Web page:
Every now and then I see a story in the media that some climate expert has speculated that the latest monster snow storms are being caused by man-made global warming. They go on to explain that it may seem counter intuitive, but that the global warming is causing more moisture to accumulate in some parts of the Earth’s atmosphere and that when the temperature is sufficiently cold this moisture is dumped in the form of snow. That seems to make sense.
So, if I understand their argument correctly – even if our winters are warmer because of all the CO2 we are dumping into the atmosphere, we still might get plenty of snow. I get it.
Here’s the problem: It’s just speculation. No one really knows for sure how a warmer Earth will distribute the Earth’s moisture. If there is someone out there who does know – please contact me.
Here is another problem: The recent snowfall (April 2013) in America’s heartland has been accompanied by record cold temperatures, not warmer ones. This fact flies in the face of the recent explanations we have heard. Now, weather in one region of our country does not prove anything regarding global climate trends. But I think it is still fair to point this out, because when a climate person speculates about what causes a massive super storm, he or she is only discussing a regional weather event as it pertains to global trends.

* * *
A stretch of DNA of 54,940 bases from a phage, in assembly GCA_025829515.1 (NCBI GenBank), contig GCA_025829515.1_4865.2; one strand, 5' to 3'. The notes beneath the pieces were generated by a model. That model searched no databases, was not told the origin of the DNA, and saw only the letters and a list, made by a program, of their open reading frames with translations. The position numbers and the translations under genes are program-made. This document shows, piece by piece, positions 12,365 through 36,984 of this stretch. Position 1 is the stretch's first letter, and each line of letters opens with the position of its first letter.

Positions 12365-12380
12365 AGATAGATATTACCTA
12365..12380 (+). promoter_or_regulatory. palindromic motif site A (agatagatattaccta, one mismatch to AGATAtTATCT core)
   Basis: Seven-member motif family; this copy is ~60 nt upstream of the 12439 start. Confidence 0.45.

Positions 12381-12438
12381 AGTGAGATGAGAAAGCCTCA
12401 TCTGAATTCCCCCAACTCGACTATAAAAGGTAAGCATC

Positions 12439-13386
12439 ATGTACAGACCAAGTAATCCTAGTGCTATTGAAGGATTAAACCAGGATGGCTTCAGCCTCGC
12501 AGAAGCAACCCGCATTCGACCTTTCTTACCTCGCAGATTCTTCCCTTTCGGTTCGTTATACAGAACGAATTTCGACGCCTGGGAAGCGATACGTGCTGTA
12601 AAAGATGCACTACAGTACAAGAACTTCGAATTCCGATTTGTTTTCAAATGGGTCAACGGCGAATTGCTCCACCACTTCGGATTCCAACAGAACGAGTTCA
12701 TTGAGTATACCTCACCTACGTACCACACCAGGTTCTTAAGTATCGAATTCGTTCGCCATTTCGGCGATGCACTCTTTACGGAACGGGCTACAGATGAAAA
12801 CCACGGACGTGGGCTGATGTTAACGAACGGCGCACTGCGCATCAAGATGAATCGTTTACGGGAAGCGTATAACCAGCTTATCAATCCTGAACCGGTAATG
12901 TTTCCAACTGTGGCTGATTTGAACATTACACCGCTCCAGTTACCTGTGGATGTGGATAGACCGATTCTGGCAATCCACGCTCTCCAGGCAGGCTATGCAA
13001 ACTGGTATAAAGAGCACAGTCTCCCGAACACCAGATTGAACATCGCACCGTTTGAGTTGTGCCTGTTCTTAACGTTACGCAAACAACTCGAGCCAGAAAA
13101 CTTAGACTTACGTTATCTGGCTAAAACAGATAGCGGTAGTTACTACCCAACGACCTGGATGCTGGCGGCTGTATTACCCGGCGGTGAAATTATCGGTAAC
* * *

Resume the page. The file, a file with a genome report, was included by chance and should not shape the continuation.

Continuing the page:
The Washington Post is reporting today (April 23, 2013) “Record-shattering April cold and snow stun Rockies, north central U.S.”
The Post article goes on to say that, “Amazingly, 91.9 percent of the Upper Midwest has snow on the ground as of today. Snow cover in the previous 10 years on this date hasn’t even come close to reaching this extent (ranging from 19 percent to much lower).”
Commenting on the temperatures the Post article continues,
“Through the Rockies and into the Upper Midwest, it’s not just been the snow but also the cold forcing residents to do a double take when gazing at the calendar.”
“Kelsch notes the mercury dipped to 20 this morning in Boulder, its third record low this month. Boulder’s average temperature this month (through yesterday) is just 41.4 making it one of the city’s coldest Aprils on record.”
“Today’s early afternoon temperatures were 20-40 degrees colder than normal through the Plains into Texas.”
So while we’ve heard a lot of speculation lately from climate experts who tell us that global warming may result in more snowfall, recent events in the Rockies and Upper Midwest prove that colder temperatures may also result in more snow.